Protestant fundamentalism claims many converts each year as the devout serve as "witnesses" to draw people "into the fold." This is where the media hype stops. Little is known of the thousands who leave, frustrated, anguished, confused. For them there are no trumpets of glory, no energized fanfare.
No one knows fundamentalism like a fundamentalist, and no one can express what it means to struggle with one's faith to the breaking point, like an ex-fundamentalist.
After presenting a fascinating history of "Fundamentalism's Grotesque Past," this riveting new collection offers testimonies of former fundamentalists who became so disillusioned with their church that they chose to leave. Presenting more than thirty personal journeys, this book gives a clear picture of what attracts a person to the fundamentalist faith and what can drive believers away from their religion.
Leaving the Fold includes the religious odysseys of those who left fundamentalism behind in favor of atheism or agnosticism, as well as the spiritual journeys of those who remained Christians but backed away from the powerful attraction of fundamentalism. These testimonies convey not only deep feelings and penetrating facts, but the appeal of dogmatic fundamentalism and each individual's struggle to maintain their faith.
Leaving the Fold discusses the fears and dilemmas faced by each person who chose to part ways with the church, their gradual dawning of courage to continue asking questions, and their success in giving their intellectual curiosity the freedom it craves. Christians, atheists, and those who may be questioning their own religious convictions will find Leaving the Fold engrossing. This volume also contains a collection of quotations and an annotated bibliography for those interested in tracking down further testimonies.
"synopsis" may belong to another edition of this title.
Edward T. Babinski is currently on the staff of the J. B. Duke Library at Furman University.From Library Journal:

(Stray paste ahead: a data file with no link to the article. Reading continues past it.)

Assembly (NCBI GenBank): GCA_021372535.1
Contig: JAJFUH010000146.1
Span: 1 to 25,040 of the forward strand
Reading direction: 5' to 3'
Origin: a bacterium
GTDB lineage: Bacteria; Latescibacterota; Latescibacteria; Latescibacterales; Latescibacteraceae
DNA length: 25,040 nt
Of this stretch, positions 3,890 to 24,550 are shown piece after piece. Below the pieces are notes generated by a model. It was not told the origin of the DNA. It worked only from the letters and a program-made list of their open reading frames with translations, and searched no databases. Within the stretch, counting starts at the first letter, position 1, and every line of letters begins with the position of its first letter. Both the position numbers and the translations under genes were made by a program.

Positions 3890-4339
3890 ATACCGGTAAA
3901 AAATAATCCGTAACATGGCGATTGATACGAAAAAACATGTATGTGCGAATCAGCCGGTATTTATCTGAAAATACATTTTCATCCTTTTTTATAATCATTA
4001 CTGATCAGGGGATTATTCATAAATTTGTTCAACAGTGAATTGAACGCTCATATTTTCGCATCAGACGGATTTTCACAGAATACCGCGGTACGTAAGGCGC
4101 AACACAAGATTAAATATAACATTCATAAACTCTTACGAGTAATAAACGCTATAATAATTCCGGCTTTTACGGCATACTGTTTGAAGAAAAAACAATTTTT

Between an introduction and appendix provided by Babinski, 33 former Christian fundamentalists explain how and why they first embraced, and later abandoned, that belief system. Of these, eight have become atheists, eight (including Babinski) agnostics, one a wiccan, and one a Zen Buddhist; the remainder have remained Christian. Major contemporary religious writers such as Harvey Cox and Sam Keen are included. The agenda here is unmistakably antifundamentalist, and the occasional leak of vitriol does distract. Also, in its ambition to be comprehensive, Babinski's annotated "list of additional testimonies" neglects a distinction between trash and treasure. However, in the main the individual statements and recollections are clearly, thoughtfully, and intelligently presented, and documentation is thorough. For this reason, and because no similar collection of such breadth and depth is available, this work is reservedly recommended as a useful addition to church, academic, and larger public library collections.?Bill Piekarski, Southwestern Coll. Lib., Chula Vista, Cal.
Copyright 1995 Reed Business Information, Inc.
"About this title" may belong to another edition of this title.
Book Description Prometheus Books, 1995. Hardcover. Book Condition: New. Never used!. Bookseller Inventory # P110879759070
Book Description Prometheus Books, 1995. Hardcover. Book Condition: New. Brand New!. Bookseller Inventory # VIB0879759070
Book Description Prometheus Books. Hardcover. Book Condition: New. 0879759070 New Condition. Bookseller Inventory # NEW7.0477135